Dilma Rousseff. Picture: BLOOMBERG/LULA MARQUES
Dilma Rousseff. Picture: BLOOMBERG/LULA MARQUES

BRASILIA — Brazil’s economy contracted sharply in 2015 as businesses slashed investment plans and laid off more than 1.5-million workers, official data showed on Thursday, setting the stage for what could be the country’s deepest recession on record.

Brazil’s gross domestic product (GDP) shrank 3.8% in 2015, capped by another steep contraction in the fourth quarter, according to statistics agency IBGE.

The 2015 slump was the steepest annual drop for Brazil’s GDP since 1990, when hyperinflation and debt default blighted the country’s recent return to democracy.

Brazil was hit in late 2015 by the disastrous burst of a major mining dam and the biggest oil strike in 20 years. Both struck an economy weakened by a paralysing political crisis, rising inflation and interest rates, and a sharp drop in the price of its commodity exports.

The outcome was the lowest economic growth rate of all G20 countries and one of the highest inflation rates, at 10.7%.

This year’s recessionary outlook is nearly as severe, with a 3.45% downturn forecast for 2016, according to economists surveyed by the central bank.

Back-to-back annual recessions of this magnitude would amount to the longest and deepest downturn for Brazil since records began in 1901.

A private survey on Thursday suggested services activity contracted in February at the steepest rate on record, adding to evidence that the recession had yet to hit bottom.

"We will probably see a similar contraction this year. There are no growth engines yet. The only one could be exports, but Brazil’s economy is relatively closed so we don’t see that taking us out of this hole," said Joao Pedro Ribeiro, Latin America economist with Nomura Securities.

Latin America’s largest country, once the world’s seventh-biggest economy, had already been underperforming since 2011, the year President Dilma Rousseff took office. A sharp increase in government spending and subsidised credit underpinned the labor market until 2014, at the cost of fueling inflation and eroding government finances.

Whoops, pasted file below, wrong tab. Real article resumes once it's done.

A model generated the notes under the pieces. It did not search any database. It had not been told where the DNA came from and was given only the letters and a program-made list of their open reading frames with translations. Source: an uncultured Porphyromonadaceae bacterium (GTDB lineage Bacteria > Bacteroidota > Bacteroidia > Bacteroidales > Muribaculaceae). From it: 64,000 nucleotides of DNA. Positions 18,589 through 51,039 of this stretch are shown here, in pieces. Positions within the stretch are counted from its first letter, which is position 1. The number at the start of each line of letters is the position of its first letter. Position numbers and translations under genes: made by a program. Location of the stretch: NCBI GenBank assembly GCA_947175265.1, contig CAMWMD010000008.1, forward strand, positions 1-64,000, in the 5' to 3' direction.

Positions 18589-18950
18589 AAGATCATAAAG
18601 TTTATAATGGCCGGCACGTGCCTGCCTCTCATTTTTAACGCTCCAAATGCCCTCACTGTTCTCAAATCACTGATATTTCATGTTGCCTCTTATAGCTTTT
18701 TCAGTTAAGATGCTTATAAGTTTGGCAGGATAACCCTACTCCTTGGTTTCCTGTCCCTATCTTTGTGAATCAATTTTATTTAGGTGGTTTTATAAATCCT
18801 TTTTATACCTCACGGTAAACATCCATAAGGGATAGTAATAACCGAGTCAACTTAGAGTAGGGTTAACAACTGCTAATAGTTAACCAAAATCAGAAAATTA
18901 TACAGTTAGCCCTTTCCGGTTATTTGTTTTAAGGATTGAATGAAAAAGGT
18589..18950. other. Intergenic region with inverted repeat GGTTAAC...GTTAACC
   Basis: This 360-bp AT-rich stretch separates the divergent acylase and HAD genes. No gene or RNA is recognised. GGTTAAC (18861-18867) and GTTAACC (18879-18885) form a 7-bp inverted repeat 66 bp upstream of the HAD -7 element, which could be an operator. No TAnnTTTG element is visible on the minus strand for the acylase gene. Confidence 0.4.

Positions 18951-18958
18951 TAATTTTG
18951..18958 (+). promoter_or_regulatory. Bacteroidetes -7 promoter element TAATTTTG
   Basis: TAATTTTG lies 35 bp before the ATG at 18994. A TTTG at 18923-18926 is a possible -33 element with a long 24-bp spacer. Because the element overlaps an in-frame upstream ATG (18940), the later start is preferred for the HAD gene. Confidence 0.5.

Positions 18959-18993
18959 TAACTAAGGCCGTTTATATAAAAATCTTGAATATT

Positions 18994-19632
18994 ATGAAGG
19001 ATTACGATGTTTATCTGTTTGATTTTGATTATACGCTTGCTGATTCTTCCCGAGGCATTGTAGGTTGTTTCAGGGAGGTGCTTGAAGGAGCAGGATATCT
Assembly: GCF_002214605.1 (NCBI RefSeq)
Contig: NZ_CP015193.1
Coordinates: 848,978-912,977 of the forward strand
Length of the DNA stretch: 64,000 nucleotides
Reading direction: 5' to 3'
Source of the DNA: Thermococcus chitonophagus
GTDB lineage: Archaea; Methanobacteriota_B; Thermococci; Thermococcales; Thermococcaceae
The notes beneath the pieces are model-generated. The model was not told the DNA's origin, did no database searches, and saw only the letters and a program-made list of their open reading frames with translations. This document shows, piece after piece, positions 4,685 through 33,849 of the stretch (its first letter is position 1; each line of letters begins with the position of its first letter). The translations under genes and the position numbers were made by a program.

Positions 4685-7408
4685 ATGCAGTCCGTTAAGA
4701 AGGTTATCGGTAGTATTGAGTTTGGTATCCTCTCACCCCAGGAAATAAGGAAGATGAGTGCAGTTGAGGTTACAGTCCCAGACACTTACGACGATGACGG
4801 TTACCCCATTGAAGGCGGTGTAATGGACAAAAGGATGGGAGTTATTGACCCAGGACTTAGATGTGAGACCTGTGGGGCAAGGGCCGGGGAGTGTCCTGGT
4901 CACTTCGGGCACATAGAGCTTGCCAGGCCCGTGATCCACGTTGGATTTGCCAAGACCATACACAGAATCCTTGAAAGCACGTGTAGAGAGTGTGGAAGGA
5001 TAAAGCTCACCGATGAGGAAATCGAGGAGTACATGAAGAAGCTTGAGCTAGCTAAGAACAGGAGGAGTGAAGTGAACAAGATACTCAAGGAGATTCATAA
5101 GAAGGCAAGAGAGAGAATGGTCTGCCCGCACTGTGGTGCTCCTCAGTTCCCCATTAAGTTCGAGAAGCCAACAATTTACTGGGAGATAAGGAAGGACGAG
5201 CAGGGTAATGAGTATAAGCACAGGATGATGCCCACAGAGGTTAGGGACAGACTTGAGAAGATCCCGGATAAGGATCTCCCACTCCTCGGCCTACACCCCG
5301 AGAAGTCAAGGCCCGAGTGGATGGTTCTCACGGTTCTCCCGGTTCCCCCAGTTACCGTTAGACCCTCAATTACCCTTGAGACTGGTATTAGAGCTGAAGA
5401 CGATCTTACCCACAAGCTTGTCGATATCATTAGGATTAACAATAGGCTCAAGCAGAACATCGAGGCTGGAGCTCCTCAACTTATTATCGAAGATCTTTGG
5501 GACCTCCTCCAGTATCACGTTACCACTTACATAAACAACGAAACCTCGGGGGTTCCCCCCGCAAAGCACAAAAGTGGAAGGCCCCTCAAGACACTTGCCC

The recession began just as Ms Rousseff started to roll back e costly stimulus policies, hiking taxes and interest rates and slashing investments in oil production. A corruption scandal at state-run oil producer Petroleo Brasileiro SA and major construction firms also froze works at many infrastructure projects across the country.

Ms Rousseff’s popularity plummeted to record lows last year, fueling street protests for her impeachment.

"Despite all the rhetoric from Rousseff last year about boosting private investment, it’s abundantly clear that investors, both foreign and domestic, are staying away in their droves," said Michael Henderson, lead economist with consulting firm Verisk Maplecroft, in England.

The recession has been so severe that Brazil will probably regain its previous size only by 2019, grappling with much higher debts, according to a Reuters poll.

In a closely watched figure for financial markets, the GDP also contracted 1.4% in the fourth quarter from the third, in its fourth straight quarterly decline, IBGE said.

Agriculture was the only bright spot in the fourth quarter, with a growth rate of 2.9% versus the third quarter. In the same period, Brazil’s industry and services fell 1.4% each.

Household consumption fell for a fourth straight quarter, with a drop of 1.3%, while investments plunged 4.9%. Government consumption also declined, falling at the steepest quarterly rate since end 2008, 2.9%. The 2015 downturn matched market expectations in a Reuters poll. Yields on interest rate futures rose after the data was published, also reflecting a split central bank decision to leave interest rates unchanged on Wednesday.